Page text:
The letter-writers had one obviously recurring theme among others, namely “tradition” – the building of a primarily Christian nation, our Christian heritage, the origin of our laws, the lessons of our history, etc.  I remembered that Richard Dawkins has pointed out that religious faith is founded on three main pillars – those of Revelation, Tradition and Authority. I decided to see if this pattern also fitted the letter-writers’ responses.

In practical terms, I took “Revelation” to mean an appeal to a set of God-given values. “Tradition” was marked by an appeal to a time-honoured utility. And “Authority” was an appeal to power – imposing, asserting or defending it.

The letters supporting religion in schools slotted into the Revelation/Tradition/Authority categories like Mickey Mouse’s three fingers into his glove.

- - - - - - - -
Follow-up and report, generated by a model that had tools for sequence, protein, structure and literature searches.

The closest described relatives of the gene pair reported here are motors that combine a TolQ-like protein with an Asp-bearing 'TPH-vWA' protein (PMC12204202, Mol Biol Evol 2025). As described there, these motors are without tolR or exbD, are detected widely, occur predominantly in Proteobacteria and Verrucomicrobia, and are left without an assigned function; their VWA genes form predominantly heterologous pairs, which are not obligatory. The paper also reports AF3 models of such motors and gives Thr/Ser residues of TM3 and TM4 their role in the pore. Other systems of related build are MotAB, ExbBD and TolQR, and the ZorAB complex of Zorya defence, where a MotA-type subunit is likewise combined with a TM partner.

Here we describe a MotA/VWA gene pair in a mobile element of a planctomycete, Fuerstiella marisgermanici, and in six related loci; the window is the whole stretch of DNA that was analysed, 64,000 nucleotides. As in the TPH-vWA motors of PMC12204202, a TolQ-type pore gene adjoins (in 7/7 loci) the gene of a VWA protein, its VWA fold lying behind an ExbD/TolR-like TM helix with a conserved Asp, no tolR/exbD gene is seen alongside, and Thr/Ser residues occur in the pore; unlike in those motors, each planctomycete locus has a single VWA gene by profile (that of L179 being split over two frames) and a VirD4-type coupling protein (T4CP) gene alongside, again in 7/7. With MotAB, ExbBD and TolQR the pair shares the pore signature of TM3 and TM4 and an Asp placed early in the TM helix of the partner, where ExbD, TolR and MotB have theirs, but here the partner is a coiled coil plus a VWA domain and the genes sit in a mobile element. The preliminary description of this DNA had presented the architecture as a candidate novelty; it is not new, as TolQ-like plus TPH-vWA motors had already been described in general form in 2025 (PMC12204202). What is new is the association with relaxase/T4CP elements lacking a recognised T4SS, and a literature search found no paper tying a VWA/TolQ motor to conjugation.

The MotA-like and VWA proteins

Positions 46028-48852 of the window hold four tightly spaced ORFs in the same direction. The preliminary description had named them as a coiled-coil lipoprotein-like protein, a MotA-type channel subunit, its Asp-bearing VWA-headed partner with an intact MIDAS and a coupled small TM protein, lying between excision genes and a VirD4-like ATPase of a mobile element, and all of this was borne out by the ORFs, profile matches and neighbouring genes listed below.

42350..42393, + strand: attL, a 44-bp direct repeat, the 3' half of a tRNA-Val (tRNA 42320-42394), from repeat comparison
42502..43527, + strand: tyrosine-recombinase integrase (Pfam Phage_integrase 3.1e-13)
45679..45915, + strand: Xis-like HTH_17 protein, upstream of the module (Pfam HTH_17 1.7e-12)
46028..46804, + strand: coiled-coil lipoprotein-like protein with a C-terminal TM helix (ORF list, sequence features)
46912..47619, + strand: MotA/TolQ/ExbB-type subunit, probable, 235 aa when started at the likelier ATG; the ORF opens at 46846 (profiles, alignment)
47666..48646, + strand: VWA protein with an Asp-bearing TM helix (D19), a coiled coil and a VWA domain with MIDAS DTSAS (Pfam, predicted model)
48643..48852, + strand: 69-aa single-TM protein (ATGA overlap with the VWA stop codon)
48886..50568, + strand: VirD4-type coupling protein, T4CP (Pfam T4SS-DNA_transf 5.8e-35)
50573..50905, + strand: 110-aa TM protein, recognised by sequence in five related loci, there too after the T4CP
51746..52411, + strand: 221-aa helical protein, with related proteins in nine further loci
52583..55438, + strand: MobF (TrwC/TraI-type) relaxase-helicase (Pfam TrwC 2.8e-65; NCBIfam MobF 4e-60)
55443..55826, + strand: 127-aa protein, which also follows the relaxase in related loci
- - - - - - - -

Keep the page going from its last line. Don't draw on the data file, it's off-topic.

In table form it appears like this:

Generic Role-Focus Analysis

Role \ Focus


(appeal to values)


(appeal to utility)


(appeal to power)

Martyr(defensive) You are attacking my religious values. You are attacking my religious traditions. You are attacking my religion.
Preacher(assertive) My religion has important values. My religion has an important traditional role. My religion is important.
Crusader(aggressive) You must comply with my religious values. You must comply with my religious traditions. You must comply with my religion.

When this breakdown is applied to the letters and other commentators defending religious instruction in New Zealand schools the summarised results look like this:

Religion in Schools – a specific Role-Focus Analysis

Role \ Focus




Martyr But we are teaching values! Christianity has values. What are we doing wrong? You secularists are causing the trouble.  Why can’t we just all get along like we used to? It is intolerant to not want Christian RI in schools. We’re being oppressed.
Preacher Religion is what gives us values.  It’s in the stories. Religion prevents the breakdown of society. Christian RI is necessary for our religious freedom.